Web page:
August 15th, 2009
One of my favorite bumper stickers of all time reads: “Where are we going? And why are we in this hand basket?”
Frequently, one glance at the day’s headlines can convince you that, regardless of the means of transit, our society is on its way to the abyss. But should you ever start feeling like that, I suggest you put down the newspaper and head out to the nearest Saturday farmer’s market. It’s good for the soul.
I like any farmer’s market, really, but the weekday ones have a different feel. Most people are stopping on their way home from work, and they’re on a mission: get food for dinner then get home and cook it. They have a plan and they execute. Corn, tomatoes, green beans and out. No wasting time.
But on a Saturday morning, it’s a different ball game. Our town has a particularly fine Saturday market that is nestled into downtown. Farmers set up their stands along the main drag so you can pop in and out of shops while you’re picking up your produce, fresh baked goods, happy free-range meats, and locally produced salsa.
No one’s in a hurry at ten o’clock on a Saturday. Customers meander, farmers chat, dogs on leashes stop to be petted and admired. Lots of babies do the same. It’s a good scene.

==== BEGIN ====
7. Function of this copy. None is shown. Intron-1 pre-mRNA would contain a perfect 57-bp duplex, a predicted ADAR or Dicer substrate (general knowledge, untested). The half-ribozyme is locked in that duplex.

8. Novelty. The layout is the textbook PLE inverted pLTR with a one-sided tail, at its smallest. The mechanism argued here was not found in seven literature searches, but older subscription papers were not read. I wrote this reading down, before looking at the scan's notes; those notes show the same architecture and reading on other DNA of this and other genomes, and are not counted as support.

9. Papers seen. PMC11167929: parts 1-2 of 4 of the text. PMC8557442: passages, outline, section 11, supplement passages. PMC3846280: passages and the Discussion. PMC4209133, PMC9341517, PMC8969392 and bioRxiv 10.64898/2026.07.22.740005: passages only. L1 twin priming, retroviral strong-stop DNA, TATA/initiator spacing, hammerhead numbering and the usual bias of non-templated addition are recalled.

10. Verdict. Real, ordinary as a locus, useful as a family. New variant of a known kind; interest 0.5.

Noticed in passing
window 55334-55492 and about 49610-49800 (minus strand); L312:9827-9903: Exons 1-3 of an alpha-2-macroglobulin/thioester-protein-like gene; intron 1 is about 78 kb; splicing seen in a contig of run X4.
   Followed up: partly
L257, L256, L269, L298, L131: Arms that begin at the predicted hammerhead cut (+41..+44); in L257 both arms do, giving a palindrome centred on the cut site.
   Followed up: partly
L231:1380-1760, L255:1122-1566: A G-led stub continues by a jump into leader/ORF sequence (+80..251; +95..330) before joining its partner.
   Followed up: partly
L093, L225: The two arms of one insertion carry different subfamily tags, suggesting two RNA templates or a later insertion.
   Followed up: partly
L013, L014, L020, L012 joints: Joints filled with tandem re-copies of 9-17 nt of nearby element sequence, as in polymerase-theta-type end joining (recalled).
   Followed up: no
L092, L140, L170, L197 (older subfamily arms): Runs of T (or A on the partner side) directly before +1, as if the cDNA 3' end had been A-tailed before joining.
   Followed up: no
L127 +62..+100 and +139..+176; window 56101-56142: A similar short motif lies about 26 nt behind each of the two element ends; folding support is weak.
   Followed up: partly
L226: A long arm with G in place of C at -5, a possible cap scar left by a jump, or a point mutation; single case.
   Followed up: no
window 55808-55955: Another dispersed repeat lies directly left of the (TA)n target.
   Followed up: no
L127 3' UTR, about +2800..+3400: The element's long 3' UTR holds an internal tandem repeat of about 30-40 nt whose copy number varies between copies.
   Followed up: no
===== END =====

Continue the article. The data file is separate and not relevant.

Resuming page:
Miss Mouse and I have made a foray to the market for the last three Saturday’s in a row and it’s been bliss. Usually we go just the two of us after she wakes up from a mid-morning nap. We pick up some veggies and then stop for an iced chai at the local coffee shop. We sit outside in front of the shop and watch the world go by. Today she stood on my lap for a solid ten minutes, facing out to the street and waving majestically at anyone who happened by. Runners waved back as they pounded past, dogs licked our fingers and offered to share our blueberry bagel, other moms with babies paused to compare notes on strollers and baby gear.
No bombs went off. No murders were committed. No environmental disasters befell. I didn’t hear so much as a raised voice in two hours. I defy you to be pessimistic about the quality of the human condition after a morning like that.